The Poverty of Statistics
This paper is a prepublication version of a paper accepted for publication by Third World Quarterly. It offers a critique of the picture of world growth and world inequality generally disseminated by international agencies. The positive view commonly presented depends, it shows, on the widespread consensus that economic performance should be measured using ‘Purchasing Power Parity’ (PPP) statistics, instead of market exchange rates. Although originally conceived narrowly as a basis for comparing living standards, PPP indicators are now promoted, with scant pause for critical thought, as a unique and unexceptionable standard for comparing and aggregating national income statistics. To get to the heart of the flaws in the PPP concept, this article adopts a unique approach: it accepts the claims made on their behalf at face value. It shows that, even on the basis of these claims, the wrong conclusions have been drawn, which in turn shows that they are not fit for purpose. By comparing PPP and Market Exchange Rate measures of inequality it shows that what really took place, in the closing decades of the last century, was a systematic reduction in the prices of consumption goods in the third world. PPP statistics have concealed this underlying and unsustainable trend, allowing it to be packaged as a stable reduction in poverty. Neither genuine growth, nor lasting and sustainable poverty reduction, were achieved over this period. The fall in the price of consumer goods masked a systematic failure, for much of the third world, to overcome the central problem of development – the high price of capital goods, which PPP statistics understate and, intermediate goods, which PPP statistics completely omit.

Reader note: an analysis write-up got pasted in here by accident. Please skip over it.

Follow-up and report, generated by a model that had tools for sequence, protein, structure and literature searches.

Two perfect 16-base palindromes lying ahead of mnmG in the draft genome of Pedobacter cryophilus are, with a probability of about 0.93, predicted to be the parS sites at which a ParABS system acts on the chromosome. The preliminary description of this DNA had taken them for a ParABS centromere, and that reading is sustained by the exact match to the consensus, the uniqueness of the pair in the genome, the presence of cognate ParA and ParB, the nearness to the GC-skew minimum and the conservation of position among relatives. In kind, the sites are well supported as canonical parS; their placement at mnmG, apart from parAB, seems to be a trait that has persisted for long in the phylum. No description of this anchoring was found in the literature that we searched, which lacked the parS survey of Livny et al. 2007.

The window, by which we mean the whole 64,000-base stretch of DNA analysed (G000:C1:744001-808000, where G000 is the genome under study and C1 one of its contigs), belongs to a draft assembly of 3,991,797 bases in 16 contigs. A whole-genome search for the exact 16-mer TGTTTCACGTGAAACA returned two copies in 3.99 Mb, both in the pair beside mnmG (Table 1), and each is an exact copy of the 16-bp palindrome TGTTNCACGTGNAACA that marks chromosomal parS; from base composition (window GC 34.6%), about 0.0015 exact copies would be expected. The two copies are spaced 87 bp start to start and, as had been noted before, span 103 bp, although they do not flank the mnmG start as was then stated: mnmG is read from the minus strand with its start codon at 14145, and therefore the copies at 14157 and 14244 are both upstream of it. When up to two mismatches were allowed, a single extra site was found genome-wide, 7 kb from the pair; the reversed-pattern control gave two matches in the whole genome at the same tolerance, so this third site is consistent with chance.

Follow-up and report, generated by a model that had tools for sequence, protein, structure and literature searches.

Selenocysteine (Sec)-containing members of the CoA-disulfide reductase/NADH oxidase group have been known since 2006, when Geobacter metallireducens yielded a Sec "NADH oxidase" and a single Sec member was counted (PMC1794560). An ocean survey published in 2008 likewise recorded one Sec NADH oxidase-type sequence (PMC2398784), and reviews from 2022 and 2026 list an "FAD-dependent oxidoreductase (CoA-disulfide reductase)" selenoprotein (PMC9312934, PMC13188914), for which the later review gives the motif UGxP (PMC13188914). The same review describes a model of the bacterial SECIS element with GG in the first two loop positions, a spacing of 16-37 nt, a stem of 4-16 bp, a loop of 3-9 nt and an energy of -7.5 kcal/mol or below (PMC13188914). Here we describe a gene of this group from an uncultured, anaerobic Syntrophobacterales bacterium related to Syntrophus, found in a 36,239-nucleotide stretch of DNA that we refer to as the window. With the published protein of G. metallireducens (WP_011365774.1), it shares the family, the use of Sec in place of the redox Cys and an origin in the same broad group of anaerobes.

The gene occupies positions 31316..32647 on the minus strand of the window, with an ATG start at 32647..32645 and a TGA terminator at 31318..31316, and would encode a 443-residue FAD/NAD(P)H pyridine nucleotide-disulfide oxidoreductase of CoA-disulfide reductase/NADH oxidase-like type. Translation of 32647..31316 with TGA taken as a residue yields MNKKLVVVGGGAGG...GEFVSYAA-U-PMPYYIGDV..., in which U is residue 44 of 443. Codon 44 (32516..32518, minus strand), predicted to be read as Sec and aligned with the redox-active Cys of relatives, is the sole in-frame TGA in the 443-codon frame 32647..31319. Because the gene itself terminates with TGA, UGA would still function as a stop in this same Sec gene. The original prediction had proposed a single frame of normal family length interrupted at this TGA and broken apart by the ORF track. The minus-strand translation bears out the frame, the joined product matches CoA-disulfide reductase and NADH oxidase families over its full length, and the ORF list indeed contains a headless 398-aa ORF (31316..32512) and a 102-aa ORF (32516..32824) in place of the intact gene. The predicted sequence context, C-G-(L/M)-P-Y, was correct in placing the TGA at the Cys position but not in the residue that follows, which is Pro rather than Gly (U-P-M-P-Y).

|Date of creation:||01 Dec 2008|
|Date of revision:||15 Aug 2009|
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